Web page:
The application performs semantic analysis to determine which portions of an Email message require an action, and can automatically generate a list of these, complete with different priorities and deadlines. Provided the technology works well this could prove very useful (no more trudging through the Email trenches to figure out what you need to do that day) but to be effective it will need to really work every time - it won't do much good if it only catches most of your to-dos.
I'm not sure this product solves a problem that needs solving. Nobody I know has problems making to-do lists, the problem is prioritizing those to-dos and getting them all done. And TechCrunch is absolutely right--the software needs to be 100% accurate, any less than that and you have to go through your e-mail anyway.
And even if it is 100% accurate you still have to go through all your e-mail just to find information that's important, but not an action item.
Update 7:45 pm EDT:Liaise contacted me, they want to tell their side of the story. We're working to find a mutually convenient time.
So, either way, you're still going through your e-mail, and where's the benefit of Liaise? I could be missing something here--I haven't seen the product, just read descriptions of it.
DEMO has always been a curious mix. Each year, it features dozens of "so-what" and "me-too" applications, along with a few that are interesting, and--once or twice every couple of years--one or two that are breathtaking and revolutionary.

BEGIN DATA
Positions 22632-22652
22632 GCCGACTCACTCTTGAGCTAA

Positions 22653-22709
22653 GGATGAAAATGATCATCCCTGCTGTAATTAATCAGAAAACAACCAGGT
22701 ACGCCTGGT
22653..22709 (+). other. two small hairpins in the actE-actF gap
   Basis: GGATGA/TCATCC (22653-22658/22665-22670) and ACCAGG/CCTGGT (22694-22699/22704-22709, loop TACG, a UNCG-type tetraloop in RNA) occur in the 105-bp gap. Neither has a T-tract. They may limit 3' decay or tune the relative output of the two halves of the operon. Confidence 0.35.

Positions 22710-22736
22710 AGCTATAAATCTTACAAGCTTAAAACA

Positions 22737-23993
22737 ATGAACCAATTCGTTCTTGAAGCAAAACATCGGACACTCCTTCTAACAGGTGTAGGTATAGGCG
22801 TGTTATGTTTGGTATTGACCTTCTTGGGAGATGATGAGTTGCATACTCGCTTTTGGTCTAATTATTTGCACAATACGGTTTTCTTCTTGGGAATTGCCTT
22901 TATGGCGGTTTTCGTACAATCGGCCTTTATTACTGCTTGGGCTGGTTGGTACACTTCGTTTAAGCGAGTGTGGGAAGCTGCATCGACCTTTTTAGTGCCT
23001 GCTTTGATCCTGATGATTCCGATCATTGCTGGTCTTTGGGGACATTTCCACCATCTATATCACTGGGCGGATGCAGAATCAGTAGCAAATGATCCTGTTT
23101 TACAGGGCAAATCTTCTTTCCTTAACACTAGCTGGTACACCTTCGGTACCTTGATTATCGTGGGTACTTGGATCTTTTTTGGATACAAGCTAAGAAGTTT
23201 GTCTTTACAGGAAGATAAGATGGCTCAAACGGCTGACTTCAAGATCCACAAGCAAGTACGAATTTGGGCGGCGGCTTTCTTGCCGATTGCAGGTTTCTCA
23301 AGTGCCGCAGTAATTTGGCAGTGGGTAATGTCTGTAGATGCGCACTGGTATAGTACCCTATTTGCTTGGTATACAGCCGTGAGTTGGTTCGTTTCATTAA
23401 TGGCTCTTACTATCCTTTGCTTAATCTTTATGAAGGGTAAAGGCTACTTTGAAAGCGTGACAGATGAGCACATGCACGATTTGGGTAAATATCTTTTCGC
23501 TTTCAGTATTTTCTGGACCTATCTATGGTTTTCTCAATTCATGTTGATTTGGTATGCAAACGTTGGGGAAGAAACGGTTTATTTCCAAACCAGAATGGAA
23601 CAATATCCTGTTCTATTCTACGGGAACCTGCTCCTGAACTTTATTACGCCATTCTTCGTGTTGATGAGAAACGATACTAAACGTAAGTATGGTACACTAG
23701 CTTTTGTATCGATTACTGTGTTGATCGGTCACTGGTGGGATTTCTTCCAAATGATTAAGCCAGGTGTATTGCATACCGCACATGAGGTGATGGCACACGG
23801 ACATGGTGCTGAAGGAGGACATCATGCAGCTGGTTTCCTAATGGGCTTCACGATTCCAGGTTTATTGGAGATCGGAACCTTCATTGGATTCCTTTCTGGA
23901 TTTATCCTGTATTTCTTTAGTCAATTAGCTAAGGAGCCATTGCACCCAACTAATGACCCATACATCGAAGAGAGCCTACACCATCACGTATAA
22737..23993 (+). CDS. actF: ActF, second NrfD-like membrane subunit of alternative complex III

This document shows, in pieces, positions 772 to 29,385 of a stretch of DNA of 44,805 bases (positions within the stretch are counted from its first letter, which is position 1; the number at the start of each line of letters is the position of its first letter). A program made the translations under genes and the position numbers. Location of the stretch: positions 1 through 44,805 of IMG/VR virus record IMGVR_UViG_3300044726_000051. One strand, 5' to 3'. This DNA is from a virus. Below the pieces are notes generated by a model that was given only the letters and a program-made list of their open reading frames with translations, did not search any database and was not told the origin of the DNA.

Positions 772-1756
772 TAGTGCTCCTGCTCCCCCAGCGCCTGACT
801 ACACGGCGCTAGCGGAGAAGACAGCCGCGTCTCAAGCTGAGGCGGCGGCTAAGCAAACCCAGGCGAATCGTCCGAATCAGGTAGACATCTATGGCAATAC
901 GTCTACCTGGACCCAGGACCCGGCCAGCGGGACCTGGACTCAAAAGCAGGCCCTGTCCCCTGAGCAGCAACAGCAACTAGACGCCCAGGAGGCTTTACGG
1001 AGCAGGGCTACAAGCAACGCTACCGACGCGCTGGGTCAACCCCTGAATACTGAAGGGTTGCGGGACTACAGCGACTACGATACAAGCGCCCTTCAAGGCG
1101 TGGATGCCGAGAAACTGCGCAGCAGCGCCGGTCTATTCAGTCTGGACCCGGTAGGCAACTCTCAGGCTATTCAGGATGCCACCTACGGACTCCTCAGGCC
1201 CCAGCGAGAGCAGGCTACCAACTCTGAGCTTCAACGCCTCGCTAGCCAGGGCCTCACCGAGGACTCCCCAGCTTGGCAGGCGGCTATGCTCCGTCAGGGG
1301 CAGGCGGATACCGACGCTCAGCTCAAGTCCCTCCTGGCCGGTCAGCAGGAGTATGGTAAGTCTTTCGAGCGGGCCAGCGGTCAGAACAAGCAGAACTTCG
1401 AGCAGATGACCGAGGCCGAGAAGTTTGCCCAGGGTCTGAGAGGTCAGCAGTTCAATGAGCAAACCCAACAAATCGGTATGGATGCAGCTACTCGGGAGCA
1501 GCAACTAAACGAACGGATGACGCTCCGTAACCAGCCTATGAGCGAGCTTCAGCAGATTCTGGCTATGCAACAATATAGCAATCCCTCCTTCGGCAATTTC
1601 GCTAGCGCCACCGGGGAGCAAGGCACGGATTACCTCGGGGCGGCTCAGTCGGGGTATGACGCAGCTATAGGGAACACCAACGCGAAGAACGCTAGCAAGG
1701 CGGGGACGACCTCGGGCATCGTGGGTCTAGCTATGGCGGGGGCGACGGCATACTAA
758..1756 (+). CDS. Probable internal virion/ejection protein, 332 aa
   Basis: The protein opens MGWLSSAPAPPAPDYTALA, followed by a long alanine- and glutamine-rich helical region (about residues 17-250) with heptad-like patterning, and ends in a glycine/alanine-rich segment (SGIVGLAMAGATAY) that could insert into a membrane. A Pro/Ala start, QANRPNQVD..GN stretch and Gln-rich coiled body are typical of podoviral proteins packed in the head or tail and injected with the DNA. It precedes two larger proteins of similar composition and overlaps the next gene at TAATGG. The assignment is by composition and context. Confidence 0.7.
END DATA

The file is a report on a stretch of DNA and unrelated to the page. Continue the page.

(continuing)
The reason you go to the DEMO conference is to see that occasional lifechanging technology. DEMO was the place where the PalmPilot was introduced, launching the wave of PDAs which begat smartphones such as the iPhone and BlackBerry. The revolution started by the PalmPilot is still going strong today, and probably will continue for the next quarter-century.
DEMO was also the first place I saw or heard of TiVo. As soon as I saw it, my flabby couch-potato heart beat faster (or it would have, if it were not already engorged by fatty junk food). I knew I had to own one. DVRs such as TiVo generated a fundamental change in how we watch TV, one which is only just beginning.
Will DEMO 09 prove to be quite so much a revolutionary event? My gut feeling is no, even though the mapping and other technologies introduced at DEMO look very interesting and useful. But ask me again in a few years, sometimes revolutions aren't obvious until well after they've happened.